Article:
En EspaŅol

Q. Who is Mr. Smarty Plants?

A: There are those who suspect Wildflower Center volunteers are the culpable and capable culprits. Yet, others think staff members play some, albeit small, role. You can torture us with your plant questions, but we will never reveal the Green Guru's secret identity.

Help us grow by giving to the Plant Database Fund or by becoming a member

Did you know you can access the Native Plant Information Network with your web-enabled smartphone?

Share

Ask Mr. Smarty Plants

Ask Mr. Smarty Plants is a free service provided by the staff and volunteers at the Lady Bird Johnson Wildflower Center.

Search Smarty Plants
    
 
See a list of all Smarty Plants questions
Can't find the answer in our existing FAQs, submit a question to Mr. Smarty Plants.
Need help with plant identification, visit the plant identification page.
 
rate this answer
Not Yet Rated

Wednesday - June 06, 2012

From: Randolph, VT
Region: Northeast
Topic: Invasive Plants, Non-Natives, Plant Identification, Poisonous Plants
Title: Identification of plant with orange sap that glows at night
Answered by: Nan Hampton

QUESTION:

I was just pulling up a plant and noticed that its sap was a kind of orange then I noticed it glowing orange at night. What kind of plant is this and is it dangerous?

ANSWER:

There are many plants with orange/yellow sap and since you didn't describe the plant itself, I can't really identify it. I did search for sap that glows/luminesces/fluoresces at night but found only one reference. Chelidonium majus (Greater celadine), a native of Europe, has orange sap, is considered invasive and highly toxic and, according to one source, is luminescent.  This is the only plant that I found with orange sap that is reported to be luminescent, but there are other candidates with orange sap.

Another plant that has orange sap is also considered to be the most toxic plant native to North America—the deadly Cicuta species (water hemlocks)Both Cicuta bulbifera (Bulblet-bearing water hemlock) and Cicuta maculata (Spotted water hemlock) grow in Vermont.  You can check the Canadian Poisonous Plants Information System to read about the toxicity of other Cicuta species.  If this is the plant you pulled up, you will probably want to be sure it doesn't regrow and be very cautious handling it.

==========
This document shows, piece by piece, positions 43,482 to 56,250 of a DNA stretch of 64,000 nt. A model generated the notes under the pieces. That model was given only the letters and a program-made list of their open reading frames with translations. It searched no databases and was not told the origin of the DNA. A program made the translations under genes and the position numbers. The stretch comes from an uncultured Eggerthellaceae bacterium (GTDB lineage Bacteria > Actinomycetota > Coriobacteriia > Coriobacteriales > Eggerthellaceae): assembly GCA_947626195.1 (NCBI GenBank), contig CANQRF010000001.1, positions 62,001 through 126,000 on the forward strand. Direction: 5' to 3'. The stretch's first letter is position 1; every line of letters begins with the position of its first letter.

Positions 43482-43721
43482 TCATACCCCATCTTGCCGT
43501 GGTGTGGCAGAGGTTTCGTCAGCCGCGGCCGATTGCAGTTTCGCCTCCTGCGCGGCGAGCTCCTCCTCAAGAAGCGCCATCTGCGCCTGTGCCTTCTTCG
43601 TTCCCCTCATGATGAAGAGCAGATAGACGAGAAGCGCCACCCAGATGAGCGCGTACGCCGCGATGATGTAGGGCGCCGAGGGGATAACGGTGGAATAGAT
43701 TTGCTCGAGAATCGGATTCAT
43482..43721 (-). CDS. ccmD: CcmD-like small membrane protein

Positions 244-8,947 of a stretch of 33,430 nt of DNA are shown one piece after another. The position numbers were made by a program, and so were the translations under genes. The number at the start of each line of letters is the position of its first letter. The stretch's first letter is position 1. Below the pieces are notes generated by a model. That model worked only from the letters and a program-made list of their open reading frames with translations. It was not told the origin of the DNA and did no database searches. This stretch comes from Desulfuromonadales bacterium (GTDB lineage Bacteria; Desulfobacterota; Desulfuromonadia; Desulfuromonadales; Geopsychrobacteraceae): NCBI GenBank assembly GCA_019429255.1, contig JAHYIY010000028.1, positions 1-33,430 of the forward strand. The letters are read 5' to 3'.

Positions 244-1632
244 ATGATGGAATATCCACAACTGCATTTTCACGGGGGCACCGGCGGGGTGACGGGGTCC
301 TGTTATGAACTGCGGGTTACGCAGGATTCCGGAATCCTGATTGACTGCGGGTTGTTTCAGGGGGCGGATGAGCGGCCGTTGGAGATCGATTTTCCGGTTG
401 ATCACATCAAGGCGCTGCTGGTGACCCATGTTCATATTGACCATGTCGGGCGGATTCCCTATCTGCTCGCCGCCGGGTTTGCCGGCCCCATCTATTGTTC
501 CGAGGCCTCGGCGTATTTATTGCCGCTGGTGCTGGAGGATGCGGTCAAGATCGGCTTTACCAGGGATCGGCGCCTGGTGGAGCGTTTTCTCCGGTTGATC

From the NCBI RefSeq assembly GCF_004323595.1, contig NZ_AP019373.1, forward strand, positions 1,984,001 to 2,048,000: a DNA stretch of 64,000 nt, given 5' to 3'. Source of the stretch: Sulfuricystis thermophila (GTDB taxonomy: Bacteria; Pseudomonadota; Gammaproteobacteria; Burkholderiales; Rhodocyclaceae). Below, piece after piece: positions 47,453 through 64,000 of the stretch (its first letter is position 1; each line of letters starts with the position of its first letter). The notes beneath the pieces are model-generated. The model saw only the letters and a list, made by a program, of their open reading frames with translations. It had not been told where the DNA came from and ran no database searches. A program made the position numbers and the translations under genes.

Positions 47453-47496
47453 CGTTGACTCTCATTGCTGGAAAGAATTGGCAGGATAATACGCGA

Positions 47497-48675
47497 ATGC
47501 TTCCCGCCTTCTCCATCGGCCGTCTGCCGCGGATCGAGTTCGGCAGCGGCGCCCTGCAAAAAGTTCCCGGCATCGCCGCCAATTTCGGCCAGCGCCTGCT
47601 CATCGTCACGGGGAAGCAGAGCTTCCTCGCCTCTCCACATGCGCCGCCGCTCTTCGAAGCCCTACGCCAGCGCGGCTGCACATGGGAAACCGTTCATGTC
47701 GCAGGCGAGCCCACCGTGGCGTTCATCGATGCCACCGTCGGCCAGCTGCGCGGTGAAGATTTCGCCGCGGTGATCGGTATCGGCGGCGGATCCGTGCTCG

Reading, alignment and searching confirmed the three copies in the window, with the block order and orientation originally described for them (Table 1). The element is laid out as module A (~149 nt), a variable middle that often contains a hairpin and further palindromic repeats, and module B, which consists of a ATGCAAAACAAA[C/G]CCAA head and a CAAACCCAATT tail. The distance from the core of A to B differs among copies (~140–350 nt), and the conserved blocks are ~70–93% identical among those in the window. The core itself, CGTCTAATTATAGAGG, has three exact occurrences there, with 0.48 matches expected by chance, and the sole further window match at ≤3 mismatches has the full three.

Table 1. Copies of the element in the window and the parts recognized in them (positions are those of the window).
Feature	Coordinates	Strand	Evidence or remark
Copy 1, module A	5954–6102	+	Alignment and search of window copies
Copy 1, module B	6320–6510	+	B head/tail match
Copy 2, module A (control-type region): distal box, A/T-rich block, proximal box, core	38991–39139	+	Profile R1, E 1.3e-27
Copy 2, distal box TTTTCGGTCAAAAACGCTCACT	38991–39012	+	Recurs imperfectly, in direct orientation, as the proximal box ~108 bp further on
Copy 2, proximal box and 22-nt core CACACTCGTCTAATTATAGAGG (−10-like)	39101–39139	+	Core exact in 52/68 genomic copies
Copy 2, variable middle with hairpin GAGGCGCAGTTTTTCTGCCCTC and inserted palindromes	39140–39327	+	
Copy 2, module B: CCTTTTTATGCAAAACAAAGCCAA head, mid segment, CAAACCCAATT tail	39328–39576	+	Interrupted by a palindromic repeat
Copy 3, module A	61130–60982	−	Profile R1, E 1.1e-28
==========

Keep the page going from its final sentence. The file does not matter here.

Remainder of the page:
All of the members of the Family Papaveraceae (Poppy Family) have yellow-orange or milky white sap.  Your plant could have been either of these that happens to grow in Vermont.  The plants in the poppy family that grow in Vermont are:

Argemone mexicana (Mexican prickly poppy) is mildly toxic.

Sanguinaria canadensis (Bloodroot) is highly toxic.

There are, no doubt, other plants with orange sap.  If you have a photo of the plant, you can visit our Plant Identification page to find links to plant identification forums that will accept photos of plants for identification.

 

 


 

More Non-Natives Questions

Care of non-native house plant
December 09, 2007 - Please let me know how to keep a dieffenbachia plant healthy and growing. I notice some leaves turn yellow. I water them once a week and keep it on the windowsill with some sunlight. Should I be do...
view the full question and answer

Moving "lily of the valley" from MD to TX. Is that OK?
January 17, 2012 - My question pertains to lily of the valley. From your database, I learned that it is a native plant but only the following states were listed: GA , KY , NC , PA , SC , TN , VA , WV. I am moving from...
view the full question and answer

Yellowing leaves on non-native Hibiscus rosa-sinensis
July 03, 2006 - I purchased a chinese hibiscus hiros small tree and after 1 month the leaves keep turning yellow. What's wrong? It's in a large pot and never outside below 60 degrees. Thanks.
view the full question and answer

Problems with non-native Eugenia in Scottsdale AZ
June 02, 2012 - I have 5 eugenia topiaries in my courtyard in pots..I notice as the days here in Phoenix get hotter and dry (as usual) they are starting to look bad, even though they are under a shelter out of the di...
view the full question and answer

Browning of non-native Plectranthus in Dallas
November 28, 2010 - I live in Dallas and planted 'Mona Lavender' which is now brown and limp after overnight temps in the low 30's. Is it dead or will it come back? Do I need to cover these plants during the winter m...
view the full question and answer

Smarty Plants's Facebook profile Support the Wildflower Center by Donating Online or Becoming a Member today.

Mr. Smarty Plants wants you to be his Facebook friend. Click the Facebook icon to add yourself to Mr. Smarty Plants list of friends.
E-NEWSLETTER | BECOME A MEMBER | DONATE NOW | MEDIA | SITEMAP
© 2014 Lady Bird Johnson Wildflower Center